Most of the world’s reserves of cobalt, the mineral we need for electric car batteries, is found in the Katanga province of the Democratic Republic of the Congo. The Cost of Cobalt, a Studio 9 Films production created with support from the Pulitzer Center, shows how the mining process may be poisoning the environment and causing dire health consequences for the population. Join us for a discussion of the film with executive producer Fiona Lloyd-Davies and director Robert Flummerfelt.
Day Four: April 23, 2021
Breaking Native American and Alaska Native Stereotypes
12:30 pm EDT
More than four decades ago, a now-famous PSA featured a man called Iron Eyes Cody paddling up a polluted river and extolling respect for the environment. Cody, who claimed Native ancestry, was later revealed to be Italian-American. However, for many Americans, the commercial created a stereotype of Native Americans as the “first environmentalists.” Media informed by these tropes often mischaracterize Indigenous connections to land. This panel discusses how we can tell more honest environmental stories featuring Native peoples.
- Edilma Prada Céspedes, founder and director, Agenda Propia
- Tristan Ahtone, editor-in-chief, Texas Observer
- Alice Qannik Glenn, host and producer, Coffee & Quaq
- Amanda Tachine, assistant professor in education leadership and innovation, Arizona State University
- Leilani Rania Ganser (moderator), Pulitzer Center grants and impact coordinator
In Conversation with Dr. Ayana Elizabeth Johnson
2:00 pm EDT
Urban Ocean Lab founder Ayana Elizabeth Johnson will join the Pulitzer Center on the final day of the 2021 Environment (Re)Defined conference. She will bring her expertise as a marine biologist, policy expert and leader of Urban Ocean Lab, a think tank for coastal cities, to explore a range of critical environmental issues for our time.
Dr. Johnson will be in conversation with journalist Alex Blumberg, her co-host of the Spotify/Gimlet podcast How to Save a Planet.
Collaborative Journalism: Addressing Power Dynamics
3:00 pm EDT
In our final conference panel, we consider the power of local reporting partners and the importance of collaboration. How can partnerships and alliances strengthen reporting on the environment and lead to more engaging journalism? What are the power dynamics involved and how can they be shifted? Journalists working in Latin America, Asia, and Africa discuss their strategies for successful collaborations across newsrooms, disciplines, and borders.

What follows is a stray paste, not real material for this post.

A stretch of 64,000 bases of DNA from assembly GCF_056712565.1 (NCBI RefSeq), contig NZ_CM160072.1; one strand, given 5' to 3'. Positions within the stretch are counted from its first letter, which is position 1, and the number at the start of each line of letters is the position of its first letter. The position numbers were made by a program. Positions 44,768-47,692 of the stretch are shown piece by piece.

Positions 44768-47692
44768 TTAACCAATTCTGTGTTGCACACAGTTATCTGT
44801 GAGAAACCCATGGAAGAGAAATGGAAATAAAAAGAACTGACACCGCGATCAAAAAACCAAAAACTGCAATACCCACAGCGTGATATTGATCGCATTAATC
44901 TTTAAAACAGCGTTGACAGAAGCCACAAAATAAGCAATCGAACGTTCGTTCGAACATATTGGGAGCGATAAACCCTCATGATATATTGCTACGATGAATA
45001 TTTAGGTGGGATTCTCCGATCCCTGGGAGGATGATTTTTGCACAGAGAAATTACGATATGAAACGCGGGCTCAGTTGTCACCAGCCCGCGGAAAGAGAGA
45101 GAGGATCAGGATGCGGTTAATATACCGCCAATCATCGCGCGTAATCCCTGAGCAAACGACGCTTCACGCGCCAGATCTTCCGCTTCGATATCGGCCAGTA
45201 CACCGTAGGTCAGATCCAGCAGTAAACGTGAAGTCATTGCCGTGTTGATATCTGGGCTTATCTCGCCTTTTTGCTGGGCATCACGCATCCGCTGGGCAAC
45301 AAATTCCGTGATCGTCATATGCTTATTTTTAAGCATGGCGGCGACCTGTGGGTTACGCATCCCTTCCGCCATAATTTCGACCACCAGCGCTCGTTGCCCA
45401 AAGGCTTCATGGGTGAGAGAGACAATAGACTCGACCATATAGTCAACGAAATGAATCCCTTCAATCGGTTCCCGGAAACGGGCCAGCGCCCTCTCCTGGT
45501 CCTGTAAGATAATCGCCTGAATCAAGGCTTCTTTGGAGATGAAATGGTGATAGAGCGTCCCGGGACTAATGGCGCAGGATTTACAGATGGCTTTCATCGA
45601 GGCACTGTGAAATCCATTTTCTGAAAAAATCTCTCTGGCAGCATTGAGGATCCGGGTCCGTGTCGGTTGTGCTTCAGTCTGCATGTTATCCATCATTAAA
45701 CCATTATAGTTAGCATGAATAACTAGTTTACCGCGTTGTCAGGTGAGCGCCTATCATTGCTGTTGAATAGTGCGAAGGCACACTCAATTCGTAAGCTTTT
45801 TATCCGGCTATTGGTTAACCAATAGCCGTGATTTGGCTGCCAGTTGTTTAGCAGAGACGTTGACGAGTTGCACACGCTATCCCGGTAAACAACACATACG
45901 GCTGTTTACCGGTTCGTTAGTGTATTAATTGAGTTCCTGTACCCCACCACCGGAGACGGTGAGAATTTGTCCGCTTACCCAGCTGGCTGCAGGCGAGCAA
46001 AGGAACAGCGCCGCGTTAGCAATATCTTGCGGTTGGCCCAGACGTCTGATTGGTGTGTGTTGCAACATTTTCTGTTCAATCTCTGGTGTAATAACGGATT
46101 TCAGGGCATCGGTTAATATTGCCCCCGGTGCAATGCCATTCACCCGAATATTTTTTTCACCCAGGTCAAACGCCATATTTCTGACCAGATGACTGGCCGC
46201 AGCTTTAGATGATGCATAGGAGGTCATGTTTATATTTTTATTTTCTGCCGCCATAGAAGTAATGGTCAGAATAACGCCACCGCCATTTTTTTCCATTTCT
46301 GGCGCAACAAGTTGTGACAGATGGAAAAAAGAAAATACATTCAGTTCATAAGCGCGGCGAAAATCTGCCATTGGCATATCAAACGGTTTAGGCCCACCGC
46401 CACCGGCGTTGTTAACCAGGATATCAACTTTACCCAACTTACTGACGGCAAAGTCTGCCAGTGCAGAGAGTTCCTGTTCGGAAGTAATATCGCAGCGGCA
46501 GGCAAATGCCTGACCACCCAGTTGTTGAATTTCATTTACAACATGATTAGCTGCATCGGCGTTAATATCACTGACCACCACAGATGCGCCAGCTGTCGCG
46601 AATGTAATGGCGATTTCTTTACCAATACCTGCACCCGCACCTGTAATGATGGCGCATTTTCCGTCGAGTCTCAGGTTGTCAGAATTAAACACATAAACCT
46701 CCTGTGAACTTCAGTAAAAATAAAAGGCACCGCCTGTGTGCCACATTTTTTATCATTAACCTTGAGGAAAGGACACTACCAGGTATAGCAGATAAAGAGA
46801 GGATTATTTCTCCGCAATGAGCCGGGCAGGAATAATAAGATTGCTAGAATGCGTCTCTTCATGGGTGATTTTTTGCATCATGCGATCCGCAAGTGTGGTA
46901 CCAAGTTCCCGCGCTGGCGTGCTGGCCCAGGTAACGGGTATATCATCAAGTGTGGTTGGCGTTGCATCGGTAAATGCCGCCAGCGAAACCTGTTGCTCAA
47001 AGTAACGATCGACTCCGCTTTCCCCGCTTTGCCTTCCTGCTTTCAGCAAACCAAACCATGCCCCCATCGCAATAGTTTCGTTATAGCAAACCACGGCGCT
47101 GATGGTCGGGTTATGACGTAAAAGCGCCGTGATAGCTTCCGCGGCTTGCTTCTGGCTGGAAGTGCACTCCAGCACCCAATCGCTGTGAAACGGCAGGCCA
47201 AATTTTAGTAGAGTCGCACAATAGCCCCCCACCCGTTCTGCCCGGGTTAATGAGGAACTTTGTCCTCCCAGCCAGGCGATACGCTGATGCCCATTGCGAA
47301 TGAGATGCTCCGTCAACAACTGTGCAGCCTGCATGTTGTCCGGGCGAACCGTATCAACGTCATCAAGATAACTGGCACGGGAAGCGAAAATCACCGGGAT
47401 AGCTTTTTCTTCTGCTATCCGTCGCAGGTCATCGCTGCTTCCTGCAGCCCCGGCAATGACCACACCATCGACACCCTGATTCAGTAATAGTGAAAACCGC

- Emily Fishbein, Southeast Asia Rainforest Journalism Fund grantee
- Jaw Tu Hkawng, writer, advocate, and educator from Kachin State
- Mariana Della Barba, editor, Repórter Brasil, and Amazon Rainforest Journalism Fund grantee
- Pablo Albarenga, Amazon Rainforest Journalism Fund grantee
- Marina Walker Guevara (moderator), Pulitzer Center executive editor
Explore Featured Reporting Projects
Refugees From the Earth
ProPublica and The New York Times Magazine reported from Central America, Mexico, and the United States to trace the potential impact of an overheating planet on human migration.
During the last century, sea levels in Charleston, South Carolina, rose at a rate of an inch every decade. Now it's an inch every two years.
High Stakes: China in the Amazon
Melissa Chan and Heriberto Araújo investigate the impact of the Ferrogrão railroad on the Amazon.
Explore Featured Lesson Plans
Toolkit for Your Next Discussion on the Environment and Climate Change
Climate change—an issue that affects us all, no matter where we are in the world. This guide will help begin a conversation about today's under-reported stories surrounding our global crisis.
Fighting Climate Change with Community Action
This lesson introduces students to some of the ways people around the world are fighting climate change in their own communities, and challenges them to take action themselves.
Why People Move: How Data Predicts the Great Climate Migration
In this lesson, students read and analyze reporting that investigates the relationship between climate change and migration using both data journalism and wrenching storytelling.